Raehsler introduces passion to the economics classroom

If anyone has a true love for economics, it’s Rod Raehsler. He has invested the past 23 years of his life at Clarion University to spread his enthusiasm and knowledge of economics to his students.

Originally from River Falls, Wisconsin, he began his educational journey by attending The University of Wisconsin for his undergraduate degree, where he triple-majored in mathematics, economics and biology. Ironically, the economics wiz wasn’t aware until his junior year of undergrad that his passion wasn’t in math and biology, but in another field.
“[Economics] wasn’t really something I thought about initially, but later as an undergraduate,” said Raehsler.
Once he received his bachelor’s degree, Raehsler went on to the University of Nebraska, where he obtained his first master’s degree before transferring to Brown University for his second.
Finishing up his education, he received his doctorate at The University of Iowa.
Fortunately, being from Wisconsin, Raehsler wasn’t shocked by the Clarion weather, and he spoke fondly of his experiences working at the university. “I’ve had a chance in the past to go to other schools…but I really enjoy teaching here and it’s a wonderful place,” he said.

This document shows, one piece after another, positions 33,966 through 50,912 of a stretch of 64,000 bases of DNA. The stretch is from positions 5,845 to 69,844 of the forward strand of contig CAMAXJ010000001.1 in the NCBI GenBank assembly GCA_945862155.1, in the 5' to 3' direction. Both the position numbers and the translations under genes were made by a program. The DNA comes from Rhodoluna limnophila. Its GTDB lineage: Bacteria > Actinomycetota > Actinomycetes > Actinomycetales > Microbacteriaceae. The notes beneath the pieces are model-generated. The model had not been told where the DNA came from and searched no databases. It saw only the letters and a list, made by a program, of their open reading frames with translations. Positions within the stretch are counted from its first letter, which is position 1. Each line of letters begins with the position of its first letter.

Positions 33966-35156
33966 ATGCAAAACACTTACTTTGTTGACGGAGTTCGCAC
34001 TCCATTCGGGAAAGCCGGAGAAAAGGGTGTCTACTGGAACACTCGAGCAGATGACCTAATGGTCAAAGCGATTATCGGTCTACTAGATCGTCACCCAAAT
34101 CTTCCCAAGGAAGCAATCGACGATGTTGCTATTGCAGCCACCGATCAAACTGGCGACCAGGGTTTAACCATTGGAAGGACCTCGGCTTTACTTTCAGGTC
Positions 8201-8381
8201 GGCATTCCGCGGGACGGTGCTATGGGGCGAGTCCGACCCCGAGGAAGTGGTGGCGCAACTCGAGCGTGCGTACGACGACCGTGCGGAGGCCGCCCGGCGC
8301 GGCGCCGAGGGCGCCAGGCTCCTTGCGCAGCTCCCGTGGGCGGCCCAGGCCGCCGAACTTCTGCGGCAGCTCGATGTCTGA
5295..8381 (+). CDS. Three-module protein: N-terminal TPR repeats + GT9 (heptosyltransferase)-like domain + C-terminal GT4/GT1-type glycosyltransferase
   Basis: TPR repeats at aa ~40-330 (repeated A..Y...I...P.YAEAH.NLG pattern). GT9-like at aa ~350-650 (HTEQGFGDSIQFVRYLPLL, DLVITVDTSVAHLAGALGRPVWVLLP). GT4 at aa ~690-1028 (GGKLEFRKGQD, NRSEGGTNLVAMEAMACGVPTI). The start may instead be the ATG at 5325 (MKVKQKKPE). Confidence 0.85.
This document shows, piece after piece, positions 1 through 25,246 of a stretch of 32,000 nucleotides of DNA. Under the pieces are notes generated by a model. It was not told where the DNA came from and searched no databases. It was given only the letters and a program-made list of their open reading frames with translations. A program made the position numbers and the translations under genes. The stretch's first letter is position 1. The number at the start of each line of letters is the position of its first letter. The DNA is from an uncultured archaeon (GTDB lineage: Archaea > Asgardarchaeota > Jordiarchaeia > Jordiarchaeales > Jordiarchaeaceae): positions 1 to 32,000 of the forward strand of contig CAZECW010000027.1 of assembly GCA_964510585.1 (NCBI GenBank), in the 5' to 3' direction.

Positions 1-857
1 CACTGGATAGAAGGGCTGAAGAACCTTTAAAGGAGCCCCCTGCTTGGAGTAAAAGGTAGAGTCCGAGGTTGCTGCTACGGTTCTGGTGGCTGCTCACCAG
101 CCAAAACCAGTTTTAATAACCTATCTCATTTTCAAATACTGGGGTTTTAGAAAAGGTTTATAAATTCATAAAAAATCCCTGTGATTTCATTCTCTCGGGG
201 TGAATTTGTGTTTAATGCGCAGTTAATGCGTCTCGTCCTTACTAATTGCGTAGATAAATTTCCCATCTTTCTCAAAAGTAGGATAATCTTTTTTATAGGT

As department chair, honors director, and distinguished faculty advisor for Omicron Delta Epsilon, the international honor society in economics, it’s clear that Raehsler has plenty of work to do at Clarion.
However, Raehsler doesn’t teach as many courses as he used to.
“When I first came here I did a full load of four each semester,” he said.
Since 2014, when he was appointed honors director, Raehsler said, “I don’t teach as many courses as I’d like, so normally I do one or two classes each semester.”
Although he teaches fewer classes, Raehsler is involved with the economics program and is always working to help his students.
“The students are really what make it. Probably the greatest joy is when you’re trying to present something that’s very difficult for students and you see them struggle with it and start to understand it,” said Raehsler.
As a professor, he said he is sensitive to the fact that economics doesn’t always come easily to some students, so he said his goal when teaching is, “If I can have students have an appreciation for what economics does and how it relates to other fields, then that’s an accomplishment.”
He said he enjoys watching his students grow.
“When you see success, then it makes all the work you put into it worth it.”
His love for economics runs so deep that when asked what he does in his free time, Raehsler answered, “The honor’s program is really my job but also my hobby. If I can show [students] ways to succeed and do more research that they like, then that’s something that I enjoy.”
Besides economics, Raehsler loves spending time watching his son run in his high school track and cross-country meets. Although at the moment his son may not be as interested in economics as he is, Raehsler said he is extremely proud of him and his many accomplishments, including his participation in the state track and cross-country meets.
Raehsler said he also enjoys traveling outside his home in Clarion and venturing to Pittsburgh.
Whether it’s working with students, developing programs and curricula, or promoting research, it’s safe to say that Raehsler knows all there is to about economics, and has an obvious passion for teaching something he loves.

You May Also Like